One evening last week, my suitemate turned to me and shared a statistic from her phone. “One in five college-age women experience sexual assault. Do you really think that’s true?”

I shrugged. “Sounds about right to me,” I said, thinking that if anything, the number was probably higher. She looked bewildered. “I mean, just think about all the people who are groped at parties,” I added.

“Oh, that doesn’t count as sexual assault,” she said quickly, turning back to her phone.

I found the confidence in her voice jarring. As someone whose body has been touched without consent both on and off of this campus, I would classify my experiences, technically, as assault. Yale, for example, defines sexual assault as “any kind of nonconsensual sexual contact, including rape [or] groping.” Thus, on paper, I and many other Yalies have been sexually assaulted. Yet coming forward with “minor” stories of assault, and labeling them as such, can be incredibly difficult.

There exists a gap in our vocabulary, a gap between “sexual assault” and consensual behavior. It is defined by experiences that we hesitate to label — lest we are taking them too seriously — but nonetheless affect us. It’s that feeling in the pit of your stomach after a stranger grabs your ass or your newfound uneasiness in crowds. Are these indicative of sexual assault? Technically, yes. If one feels this term is appropriate for their experience, then yes, of course. But many of us don’t feel comfortable using this phrase. So, in the gap, we lose the voices of people who, like my suitemate, only associate “assault” with severe trauma — and not something as “minor” as a “weird moment” on Friday night.

Today, this gap is widening, especially with the use of the term “survivor” and the weight that term carries. Survivors’ voices need to be elevated, without a doubt; we need to stand in solidarity with them. However, we should perhaps discuss how the intensity of the words “survivor” and “assault” can be difficult for some to identify with.

“I wouldn’t feel comfortable labeling myself a survivor,” said a friend, who has also been groped on Yale’s campus. We agreed that sharing our experiences under this term would feel as if we were detracting from the stories of those who have gone through much worse. I feel guilty coming forward to speak about the brief moments that I’ve been groped, when others have experienced unspeakable trauma.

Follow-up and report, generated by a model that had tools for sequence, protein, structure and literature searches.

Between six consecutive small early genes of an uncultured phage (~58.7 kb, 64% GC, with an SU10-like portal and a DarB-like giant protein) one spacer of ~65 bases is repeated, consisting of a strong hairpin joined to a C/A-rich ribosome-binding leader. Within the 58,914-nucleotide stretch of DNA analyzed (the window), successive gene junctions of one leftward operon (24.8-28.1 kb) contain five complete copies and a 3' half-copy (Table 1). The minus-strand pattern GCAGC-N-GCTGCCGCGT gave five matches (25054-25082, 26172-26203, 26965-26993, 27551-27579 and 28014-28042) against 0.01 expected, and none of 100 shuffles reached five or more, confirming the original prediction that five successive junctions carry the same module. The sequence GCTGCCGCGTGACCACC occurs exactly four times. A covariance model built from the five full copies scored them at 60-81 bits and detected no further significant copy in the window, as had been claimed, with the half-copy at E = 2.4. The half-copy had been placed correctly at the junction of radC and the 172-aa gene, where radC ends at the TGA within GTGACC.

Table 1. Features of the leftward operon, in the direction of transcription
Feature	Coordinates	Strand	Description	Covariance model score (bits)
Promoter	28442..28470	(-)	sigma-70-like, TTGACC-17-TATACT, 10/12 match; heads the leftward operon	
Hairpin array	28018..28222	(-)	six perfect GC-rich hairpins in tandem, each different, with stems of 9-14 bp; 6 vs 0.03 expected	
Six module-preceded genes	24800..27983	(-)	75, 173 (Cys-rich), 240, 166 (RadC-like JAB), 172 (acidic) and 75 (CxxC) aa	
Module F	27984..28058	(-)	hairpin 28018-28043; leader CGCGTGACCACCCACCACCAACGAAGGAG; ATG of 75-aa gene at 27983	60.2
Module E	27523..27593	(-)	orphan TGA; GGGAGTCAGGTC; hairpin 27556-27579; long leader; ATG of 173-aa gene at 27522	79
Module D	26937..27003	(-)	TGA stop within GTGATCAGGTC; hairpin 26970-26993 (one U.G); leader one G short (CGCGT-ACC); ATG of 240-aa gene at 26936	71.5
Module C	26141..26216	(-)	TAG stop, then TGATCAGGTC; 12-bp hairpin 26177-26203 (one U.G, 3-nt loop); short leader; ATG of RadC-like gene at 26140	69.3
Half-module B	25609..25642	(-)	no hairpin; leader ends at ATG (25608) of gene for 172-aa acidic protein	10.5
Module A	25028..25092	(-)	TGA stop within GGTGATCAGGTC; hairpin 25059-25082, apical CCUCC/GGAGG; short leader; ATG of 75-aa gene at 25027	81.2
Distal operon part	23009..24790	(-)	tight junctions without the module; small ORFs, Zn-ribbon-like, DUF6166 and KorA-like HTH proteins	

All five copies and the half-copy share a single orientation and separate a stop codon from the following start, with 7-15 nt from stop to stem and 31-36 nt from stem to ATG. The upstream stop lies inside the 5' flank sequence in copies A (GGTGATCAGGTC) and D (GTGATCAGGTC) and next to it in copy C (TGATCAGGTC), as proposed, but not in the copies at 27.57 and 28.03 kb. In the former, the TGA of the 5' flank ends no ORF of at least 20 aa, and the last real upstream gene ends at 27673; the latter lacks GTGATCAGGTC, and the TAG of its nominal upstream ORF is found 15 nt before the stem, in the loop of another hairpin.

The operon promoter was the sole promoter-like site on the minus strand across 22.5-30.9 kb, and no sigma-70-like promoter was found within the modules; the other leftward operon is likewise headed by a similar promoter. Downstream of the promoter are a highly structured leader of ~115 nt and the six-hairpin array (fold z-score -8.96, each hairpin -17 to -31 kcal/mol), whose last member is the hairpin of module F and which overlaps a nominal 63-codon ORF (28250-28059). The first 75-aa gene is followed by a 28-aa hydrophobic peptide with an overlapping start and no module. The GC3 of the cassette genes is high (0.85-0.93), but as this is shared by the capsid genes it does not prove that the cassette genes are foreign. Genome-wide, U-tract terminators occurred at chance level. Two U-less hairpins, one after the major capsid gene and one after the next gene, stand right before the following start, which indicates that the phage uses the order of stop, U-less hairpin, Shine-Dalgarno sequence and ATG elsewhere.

Yet as a community, we have an obligation to address these incidents, however commonplace, because they are so commonplace. When we don’t call them out and label them as something, anything — groping, sexual assault, not okay — they become normalized. We begin to equate these experiences with a typical night out, drinking a little too much, failing to stand with your back to a wall. However, we owe it to ourselves to draw a strong distinction between consent and violation, even as we recognize and respect a spectrum of sexual assault that ranges from minor to severe.

Most importantly, we owe it to first years, whose impressions of college culture — and, more generally, adult life — begin to form during Camp Yale. These are critical weeks in which the distinction between okay and not okay behavior needs to be clarified. Just the other day, I got lunch with a first year. She mentioned during our conversation that she had been groped at a fraternity in her first month at Yale. “That’s so shitty,” I said, alarmed by the story. “Are you okay?” She laughed uncomfortably, brushing off my concern, assuring me that it was merely a “funny” moment.

And that’s exactly what many of us do. While some do choose to speak out, prepared to deal with the backlash of “what’s the big deal,” or “at least you weren’t raped,” most of us don’t. We crack jokes to make these instances easier to live with, no matter how many times they occur. We remind ourselves that it’s just a part of life — a natural consequence of wearing shorts to a dark, crowded party. A “minor” incident, though, does not mean minor impacts. My suitemate said it herself, even after suggesting “assault” was too strong a word. “These things linger,” she said quietly. She’s right. Violations, however small they may be, stick with you.

We need to start thinking about how to label these experiences, so that they don’t disappear from our discourse entirely once we’ve woken up, eaten brunch and started our readings. At Yale, we are expected to handle personal struggles efficiently in tandem with our classes, extracurriculars and jobs. It follows that we are experts in facing trauma privately and independently — but we shouldn’t have to be. Why aren’t we talking about the everyday swipes at our bodies on the street, in our suites and at blurry parties? Our very reluctance to label these incidents as assault perpetuates the rape culture we live in.

Maya Juman is a junior in Saybrook College. Contact her at .